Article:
"Walking a tightrope": A grounded theory approach to informal caregiving for amyotrophic lateral sclerosis.
JournalArticle (Originalarbeit in einer wissenschaftlichen Zeitschrift)
ID 4637013
Author(s) Poppe, Christopher; Verwey, Martine; Wangmo, Tenzin
Author(s) at UniBasel Wangmo, Tenzin
Poppe, Christopher
Year 2022
Title "Walking a tightrope": A grounded theory approach to informal caregiving for amyotrophic lateral sclerosis.
Journal Health & social care in the community
Volume 30
Number 5
Pages / Article-Number e1935–e1947
Keywords amyotrophic lateral sclerosis; family; grounded theory; informal caregiving; palliative care

Informal caregivers, mainly family members and friends, provide supportive and palliative care for people with amyotrophic lateral sclerosis (ALS) during their terminal disease course. Informal caregiving for people with ALS continues towards palliative care and end-of-life care with the progression of the disease. In this study, we provide a theoretical understanding of informal caregiving in ALS utilising 23 semi-structured interviews conducted with informal caregivers of people with ALS (pwALS) in Switzerland. Due to the expected death of the care recipient, our grounded theory approach outlines informal caregivers' caregiving work as an effort to secure a balance amongst different caregiving activities, which feed into the final stage of providing palliative care. Overall, our theoretical understanding of ALS informal caregiving work encompasses the core category 'holding the balance' and four secondary categories: 'Organising support', 'being present', 'managing everyday life' and 'keeping up with ALS'. The core category of holding the balance underlines the significance of ensuring care and normalcy even as disease progresses and until the end of life. For the informal caregivers, this balancing act is the key element of care provision to pwALS and therefore guides decisions surrounding caregiving. On this understanding, those caregivers that succeed in holding the balance can provide care at home until death. The balance is heavily influenced by contextual factors of caregiving, for example relating to personal characteristics of the caregiver, or activities of caregiving where the goal is to ensure the quality of life of the pwALS. As there is a heterogeneity of speed and subtype of progression of ALS, our work accounts for multiple caregiving trajectories.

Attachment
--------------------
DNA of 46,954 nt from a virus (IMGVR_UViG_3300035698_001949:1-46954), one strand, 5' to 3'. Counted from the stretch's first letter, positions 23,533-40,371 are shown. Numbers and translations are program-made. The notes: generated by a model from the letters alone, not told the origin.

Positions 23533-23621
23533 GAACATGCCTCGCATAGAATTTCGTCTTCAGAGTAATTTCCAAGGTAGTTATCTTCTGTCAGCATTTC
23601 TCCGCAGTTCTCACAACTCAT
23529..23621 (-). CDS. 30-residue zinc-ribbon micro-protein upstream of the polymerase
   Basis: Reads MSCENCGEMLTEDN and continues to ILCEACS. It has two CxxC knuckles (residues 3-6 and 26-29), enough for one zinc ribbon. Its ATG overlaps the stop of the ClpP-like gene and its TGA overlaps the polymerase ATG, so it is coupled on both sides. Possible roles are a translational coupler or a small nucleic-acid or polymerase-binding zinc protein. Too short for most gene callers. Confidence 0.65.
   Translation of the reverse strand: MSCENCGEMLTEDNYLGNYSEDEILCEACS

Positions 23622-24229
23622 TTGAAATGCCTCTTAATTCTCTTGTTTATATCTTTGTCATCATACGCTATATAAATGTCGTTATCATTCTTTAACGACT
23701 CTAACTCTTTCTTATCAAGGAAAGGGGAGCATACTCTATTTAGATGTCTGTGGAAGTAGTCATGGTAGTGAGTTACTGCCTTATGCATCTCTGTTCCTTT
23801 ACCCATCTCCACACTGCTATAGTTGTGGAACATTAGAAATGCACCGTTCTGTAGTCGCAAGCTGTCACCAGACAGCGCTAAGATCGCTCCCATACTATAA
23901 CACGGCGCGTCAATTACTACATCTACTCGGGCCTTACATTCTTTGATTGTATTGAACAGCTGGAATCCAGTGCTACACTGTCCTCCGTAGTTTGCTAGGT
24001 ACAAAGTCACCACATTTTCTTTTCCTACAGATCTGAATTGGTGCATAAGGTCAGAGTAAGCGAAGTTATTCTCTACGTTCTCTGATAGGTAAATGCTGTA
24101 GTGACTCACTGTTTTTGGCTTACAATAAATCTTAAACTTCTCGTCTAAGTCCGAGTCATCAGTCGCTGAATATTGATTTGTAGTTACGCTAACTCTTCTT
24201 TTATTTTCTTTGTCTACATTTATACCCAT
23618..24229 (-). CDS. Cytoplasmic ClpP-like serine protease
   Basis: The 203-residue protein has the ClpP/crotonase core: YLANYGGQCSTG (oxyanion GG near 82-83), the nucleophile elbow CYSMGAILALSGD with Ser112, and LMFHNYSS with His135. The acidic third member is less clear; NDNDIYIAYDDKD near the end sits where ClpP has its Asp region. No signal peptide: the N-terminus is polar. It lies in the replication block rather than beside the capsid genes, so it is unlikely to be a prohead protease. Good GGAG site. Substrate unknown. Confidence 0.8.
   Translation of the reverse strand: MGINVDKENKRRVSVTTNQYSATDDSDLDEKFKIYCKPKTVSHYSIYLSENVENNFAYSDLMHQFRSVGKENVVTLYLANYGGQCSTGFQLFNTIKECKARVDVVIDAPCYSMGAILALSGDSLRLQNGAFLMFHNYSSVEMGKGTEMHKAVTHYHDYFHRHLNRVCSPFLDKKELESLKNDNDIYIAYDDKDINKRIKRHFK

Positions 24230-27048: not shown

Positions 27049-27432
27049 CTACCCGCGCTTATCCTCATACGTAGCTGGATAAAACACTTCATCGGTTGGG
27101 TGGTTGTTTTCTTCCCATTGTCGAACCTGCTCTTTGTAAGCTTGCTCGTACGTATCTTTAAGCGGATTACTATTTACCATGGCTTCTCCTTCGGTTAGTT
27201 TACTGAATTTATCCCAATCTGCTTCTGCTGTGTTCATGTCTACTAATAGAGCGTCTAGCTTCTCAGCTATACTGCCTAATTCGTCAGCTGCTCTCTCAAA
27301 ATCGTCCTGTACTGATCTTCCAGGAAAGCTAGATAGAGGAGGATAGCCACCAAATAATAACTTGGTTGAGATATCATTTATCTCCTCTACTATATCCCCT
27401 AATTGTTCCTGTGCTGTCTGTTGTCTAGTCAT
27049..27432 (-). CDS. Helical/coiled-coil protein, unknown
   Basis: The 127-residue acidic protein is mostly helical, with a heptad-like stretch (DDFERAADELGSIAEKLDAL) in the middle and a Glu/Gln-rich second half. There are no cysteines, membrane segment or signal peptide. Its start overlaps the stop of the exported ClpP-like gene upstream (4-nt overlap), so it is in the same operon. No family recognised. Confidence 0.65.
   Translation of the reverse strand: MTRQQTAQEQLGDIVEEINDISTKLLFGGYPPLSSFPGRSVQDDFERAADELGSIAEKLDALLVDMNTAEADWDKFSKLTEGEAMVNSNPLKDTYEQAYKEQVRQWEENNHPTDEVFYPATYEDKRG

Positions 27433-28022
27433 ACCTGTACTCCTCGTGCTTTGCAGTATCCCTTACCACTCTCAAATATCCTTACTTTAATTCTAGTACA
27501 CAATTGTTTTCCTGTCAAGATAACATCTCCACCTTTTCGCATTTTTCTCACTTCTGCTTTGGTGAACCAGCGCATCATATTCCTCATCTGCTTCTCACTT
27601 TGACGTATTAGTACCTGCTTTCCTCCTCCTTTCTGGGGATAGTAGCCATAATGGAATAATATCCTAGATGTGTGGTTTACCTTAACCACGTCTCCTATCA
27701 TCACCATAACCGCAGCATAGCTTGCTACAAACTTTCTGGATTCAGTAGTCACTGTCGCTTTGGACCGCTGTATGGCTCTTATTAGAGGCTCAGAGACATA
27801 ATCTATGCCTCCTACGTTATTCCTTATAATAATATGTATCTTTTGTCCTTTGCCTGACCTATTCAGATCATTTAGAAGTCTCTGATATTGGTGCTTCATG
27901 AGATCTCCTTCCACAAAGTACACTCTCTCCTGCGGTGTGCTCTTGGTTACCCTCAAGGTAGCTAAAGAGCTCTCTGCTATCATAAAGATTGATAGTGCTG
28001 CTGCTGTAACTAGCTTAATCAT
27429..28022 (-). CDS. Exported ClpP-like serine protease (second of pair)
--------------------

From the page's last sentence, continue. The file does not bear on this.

ISSN/ISBN 1365-2524
edoc-URL https://pubmed.ncbi.nlm.nih.gov/34719073/
Full Text on edoc
Digital Object Identifier DOI 10.1111/hsc.13625
PubMed ID http://www.ncbi.nlm.nih.gov/pubmed/34719073

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